He said the results showed the technique could be much “more effective” than current treatments.

Now I agree that this was the result of a trial specifically to test this. But that\’s not quite my point.

If, in the course of spending that $800 million to design and test a drug the researchers find that it doesn\’t do what they thought it would, but it does do something else (like Viagra, not all that great at reducing angina, great at giving people stiffies) what are they supposed to do?

Throw away the $800 million and the evidence they\’ve collected?

Or say, hey, well, guess what we found out? Our acne treatment stops people dribbling and falling over after a stroke. Ain\’t that interesting?

Information is information, knowledge is knowledge: I\’m not sure it matters all that much what you were looking for. What you\’ve found is surely the most important part?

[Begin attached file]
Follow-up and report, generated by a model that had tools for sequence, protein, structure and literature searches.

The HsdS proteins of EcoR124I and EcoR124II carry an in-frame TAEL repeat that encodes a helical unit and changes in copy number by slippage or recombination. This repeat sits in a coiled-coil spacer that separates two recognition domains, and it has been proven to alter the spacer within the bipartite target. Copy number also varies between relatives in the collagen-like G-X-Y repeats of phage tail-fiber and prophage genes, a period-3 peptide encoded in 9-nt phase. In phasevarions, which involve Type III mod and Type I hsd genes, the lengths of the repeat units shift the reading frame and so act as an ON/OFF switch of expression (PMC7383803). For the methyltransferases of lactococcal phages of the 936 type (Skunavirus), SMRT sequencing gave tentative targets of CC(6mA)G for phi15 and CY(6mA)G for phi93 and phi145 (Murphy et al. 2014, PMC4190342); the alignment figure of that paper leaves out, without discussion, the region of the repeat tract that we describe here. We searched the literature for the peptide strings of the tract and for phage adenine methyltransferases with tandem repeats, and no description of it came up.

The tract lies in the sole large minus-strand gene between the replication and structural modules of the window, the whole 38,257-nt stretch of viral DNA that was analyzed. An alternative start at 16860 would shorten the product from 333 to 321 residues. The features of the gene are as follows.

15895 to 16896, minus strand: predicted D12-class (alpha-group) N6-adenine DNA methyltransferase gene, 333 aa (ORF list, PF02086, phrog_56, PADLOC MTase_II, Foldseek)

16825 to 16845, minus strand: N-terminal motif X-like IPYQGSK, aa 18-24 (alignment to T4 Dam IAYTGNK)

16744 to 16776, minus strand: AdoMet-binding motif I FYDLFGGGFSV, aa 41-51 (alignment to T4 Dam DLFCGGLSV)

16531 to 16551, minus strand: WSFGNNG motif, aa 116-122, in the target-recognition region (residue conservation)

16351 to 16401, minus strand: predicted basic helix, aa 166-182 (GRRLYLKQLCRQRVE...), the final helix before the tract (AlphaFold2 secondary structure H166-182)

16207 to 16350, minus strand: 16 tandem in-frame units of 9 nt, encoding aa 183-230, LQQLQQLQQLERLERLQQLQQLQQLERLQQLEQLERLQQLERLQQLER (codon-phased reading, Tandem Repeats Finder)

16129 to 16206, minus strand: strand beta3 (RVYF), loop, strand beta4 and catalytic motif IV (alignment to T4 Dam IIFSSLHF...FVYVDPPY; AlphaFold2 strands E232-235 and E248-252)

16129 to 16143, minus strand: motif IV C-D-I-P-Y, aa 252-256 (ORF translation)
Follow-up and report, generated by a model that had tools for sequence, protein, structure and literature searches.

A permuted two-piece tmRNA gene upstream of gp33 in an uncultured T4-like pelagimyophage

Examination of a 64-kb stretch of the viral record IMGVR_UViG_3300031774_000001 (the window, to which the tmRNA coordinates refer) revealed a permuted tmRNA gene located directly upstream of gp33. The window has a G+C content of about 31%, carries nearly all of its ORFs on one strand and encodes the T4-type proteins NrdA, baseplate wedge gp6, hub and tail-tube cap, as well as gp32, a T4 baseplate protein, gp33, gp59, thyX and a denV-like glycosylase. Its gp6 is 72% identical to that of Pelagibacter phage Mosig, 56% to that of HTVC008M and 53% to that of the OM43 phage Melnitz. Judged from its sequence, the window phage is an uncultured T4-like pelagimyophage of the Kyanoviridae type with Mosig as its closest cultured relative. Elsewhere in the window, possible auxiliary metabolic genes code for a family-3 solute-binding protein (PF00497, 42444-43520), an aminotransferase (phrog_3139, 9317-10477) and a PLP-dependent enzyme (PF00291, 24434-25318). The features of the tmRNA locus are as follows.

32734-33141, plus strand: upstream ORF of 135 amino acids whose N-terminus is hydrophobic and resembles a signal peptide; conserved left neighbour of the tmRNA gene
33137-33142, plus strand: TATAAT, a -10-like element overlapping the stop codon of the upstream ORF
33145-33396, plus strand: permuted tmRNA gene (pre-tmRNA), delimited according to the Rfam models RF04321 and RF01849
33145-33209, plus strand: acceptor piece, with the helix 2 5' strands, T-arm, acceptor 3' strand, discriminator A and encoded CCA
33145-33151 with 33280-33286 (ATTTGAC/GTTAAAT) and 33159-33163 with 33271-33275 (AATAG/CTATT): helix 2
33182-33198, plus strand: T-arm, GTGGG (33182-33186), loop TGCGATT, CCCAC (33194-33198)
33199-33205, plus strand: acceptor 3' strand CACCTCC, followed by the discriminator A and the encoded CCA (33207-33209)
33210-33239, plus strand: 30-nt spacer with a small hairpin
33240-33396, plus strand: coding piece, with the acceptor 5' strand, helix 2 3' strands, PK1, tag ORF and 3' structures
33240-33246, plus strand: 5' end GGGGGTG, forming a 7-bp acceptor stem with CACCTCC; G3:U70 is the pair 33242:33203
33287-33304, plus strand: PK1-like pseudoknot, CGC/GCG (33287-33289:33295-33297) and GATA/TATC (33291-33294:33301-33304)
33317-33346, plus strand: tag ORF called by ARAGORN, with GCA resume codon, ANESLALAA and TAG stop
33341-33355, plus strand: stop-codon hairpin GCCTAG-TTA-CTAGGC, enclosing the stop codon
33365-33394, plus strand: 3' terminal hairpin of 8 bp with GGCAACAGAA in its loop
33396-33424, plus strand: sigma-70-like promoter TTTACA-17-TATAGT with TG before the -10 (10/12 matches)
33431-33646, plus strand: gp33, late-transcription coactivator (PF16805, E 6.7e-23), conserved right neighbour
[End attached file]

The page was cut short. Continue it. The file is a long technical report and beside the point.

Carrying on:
9 comments on “Normally I\’m a big Ben Goldacre fan

  1. I don’t think that is what Ben is saying. many drugs have followed a course similar to your two examples. What Ben is saying is that you shouldn’t use a study designed to investigate one endpoint as a definitive study for a different endpoint thatappeared during the trial. You should of course use it as indicative of an unsuspected effect but then that effect needs to be tested in a study designed to look at that endpoint.

  2. Wasn’t a certain impotence drug that I can’t mention without my column disappearing into the ether discovered this way?